A few months ago, the doves that whined beneath the eaves and dropped calling card pellets beside the grill set up home. They built a nest and moved in.
We watched it happen. Bit by bit, twig by twig, they girded their fortress, furnished their lair, and became our unwitting tenants, without a contract, in deed or implied.
I wasn't thrilled. Mourning doves are rampant in this part of California. They're on the loud side, not terribly pretty, and when you look them in the eye, they appear cold and stonelike. We didn't bond.
But they stuck around, and each time I'd go out back they'd be there, bearing witness to my life, observing without judging. Their constancy softened me, and eventually, for reasons I can't explain, we became family.
The mother bird spent a lot of time in that nest. The dad would fly to and fro, and though, occasionally, they'd both leave together for a picnic or what have you, the mama was the more stable presence. My son said she was nesting. I thought she just liked my company.
Each morning, as summer approached and dawn broke earlier than the day before, I'd wake to their familiar trill.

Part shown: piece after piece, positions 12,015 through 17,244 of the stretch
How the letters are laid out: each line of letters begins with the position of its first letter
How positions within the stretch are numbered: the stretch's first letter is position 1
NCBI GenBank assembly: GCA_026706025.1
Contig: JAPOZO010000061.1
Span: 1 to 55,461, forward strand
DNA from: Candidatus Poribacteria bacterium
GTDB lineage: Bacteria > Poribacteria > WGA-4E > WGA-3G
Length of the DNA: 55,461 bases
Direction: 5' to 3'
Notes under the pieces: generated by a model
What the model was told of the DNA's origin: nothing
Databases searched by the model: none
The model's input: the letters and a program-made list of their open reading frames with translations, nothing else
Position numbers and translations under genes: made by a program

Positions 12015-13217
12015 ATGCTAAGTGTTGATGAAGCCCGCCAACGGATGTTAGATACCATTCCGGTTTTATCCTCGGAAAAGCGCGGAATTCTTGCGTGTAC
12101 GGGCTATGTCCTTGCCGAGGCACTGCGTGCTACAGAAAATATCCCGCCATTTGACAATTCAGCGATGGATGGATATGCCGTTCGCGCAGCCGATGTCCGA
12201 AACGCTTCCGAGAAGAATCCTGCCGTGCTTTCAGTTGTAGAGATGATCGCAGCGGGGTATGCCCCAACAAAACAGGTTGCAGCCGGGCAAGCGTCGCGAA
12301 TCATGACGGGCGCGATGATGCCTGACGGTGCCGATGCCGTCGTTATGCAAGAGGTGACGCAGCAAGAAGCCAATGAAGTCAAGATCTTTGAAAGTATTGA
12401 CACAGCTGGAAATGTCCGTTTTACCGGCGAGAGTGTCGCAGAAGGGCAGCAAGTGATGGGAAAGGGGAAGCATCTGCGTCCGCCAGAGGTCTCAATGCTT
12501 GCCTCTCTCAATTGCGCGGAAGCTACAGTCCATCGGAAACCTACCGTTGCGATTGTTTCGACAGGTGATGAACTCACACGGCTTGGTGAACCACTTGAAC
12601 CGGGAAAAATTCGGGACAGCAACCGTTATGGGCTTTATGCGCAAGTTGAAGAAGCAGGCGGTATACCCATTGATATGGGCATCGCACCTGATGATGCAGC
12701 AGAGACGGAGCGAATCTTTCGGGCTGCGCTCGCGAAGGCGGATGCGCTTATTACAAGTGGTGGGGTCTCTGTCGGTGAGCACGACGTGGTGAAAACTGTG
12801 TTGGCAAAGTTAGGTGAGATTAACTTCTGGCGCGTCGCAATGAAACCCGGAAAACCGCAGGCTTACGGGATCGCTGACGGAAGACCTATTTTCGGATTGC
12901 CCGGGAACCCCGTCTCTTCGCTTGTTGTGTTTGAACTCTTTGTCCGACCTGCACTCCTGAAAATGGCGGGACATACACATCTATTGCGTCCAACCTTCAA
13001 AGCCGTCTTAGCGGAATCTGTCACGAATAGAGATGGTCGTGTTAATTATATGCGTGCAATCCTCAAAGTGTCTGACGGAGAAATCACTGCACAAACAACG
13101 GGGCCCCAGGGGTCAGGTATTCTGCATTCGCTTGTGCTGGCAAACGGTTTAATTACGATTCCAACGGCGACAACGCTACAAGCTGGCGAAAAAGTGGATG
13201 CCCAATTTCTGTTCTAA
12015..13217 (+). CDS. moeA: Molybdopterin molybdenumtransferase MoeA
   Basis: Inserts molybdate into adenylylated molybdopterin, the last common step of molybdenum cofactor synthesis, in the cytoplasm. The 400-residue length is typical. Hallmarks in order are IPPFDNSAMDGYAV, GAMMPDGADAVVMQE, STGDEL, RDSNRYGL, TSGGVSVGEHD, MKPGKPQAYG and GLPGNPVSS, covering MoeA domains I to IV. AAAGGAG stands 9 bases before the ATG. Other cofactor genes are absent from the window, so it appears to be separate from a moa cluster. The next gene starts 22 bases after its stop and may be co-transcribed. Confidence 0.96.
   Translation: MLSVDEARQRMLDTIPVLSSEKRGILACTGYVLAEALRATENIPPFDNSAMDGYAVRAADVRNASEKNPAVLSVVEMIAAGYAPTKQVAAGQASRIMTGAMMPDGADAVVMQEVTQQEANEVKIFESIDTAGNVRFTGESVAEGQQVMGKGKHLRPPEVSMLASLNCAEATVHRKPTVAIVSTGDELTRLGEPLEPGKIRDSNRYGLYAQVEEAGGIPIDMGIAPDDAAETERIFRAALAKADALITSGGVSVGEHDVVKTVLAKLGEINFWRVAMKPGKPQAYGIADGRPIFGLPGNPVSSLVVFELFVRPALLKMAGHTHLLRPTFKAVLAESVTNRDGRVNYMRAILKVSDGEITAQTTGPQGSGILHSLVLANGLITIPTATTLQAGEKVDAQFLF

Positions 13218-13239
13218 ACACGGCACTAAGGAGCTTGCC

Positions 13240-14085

Then one day, the birdsong got louder, and when we went downstairs and slid the door open there they were. Not the mama, not the papa, but two baby birds looking square in my eyes.
They were beautiful, just like their parents.
My older son humored me as I checked on them throughout the day. I'd greet them in singsong, ask after their kin, make sure they were happy. Together, we watched the parents come and go, but mostly we'd observe the hatchlings flutter their wings and grow bigger and bigger in a nest built for two.
"You know what's going to happen, don't you?" my son asked me.
My eyes widened. It really hadn't occurred to me.
Yesterday, I opened the door and all four of them were gone.
I stood there and stared, hurt and panicked.
My son hugged me.
"They need to go off on their own," he said, and I knew he was right.
Later that day, they were back. The babies had learned to fly, but the nest is still home base and for now, at least, the family continues to whiz to and fro, commuting. They return at night for a rest and a meal.
It's a good thing, too. I, for one, need a little more time to say goodbye.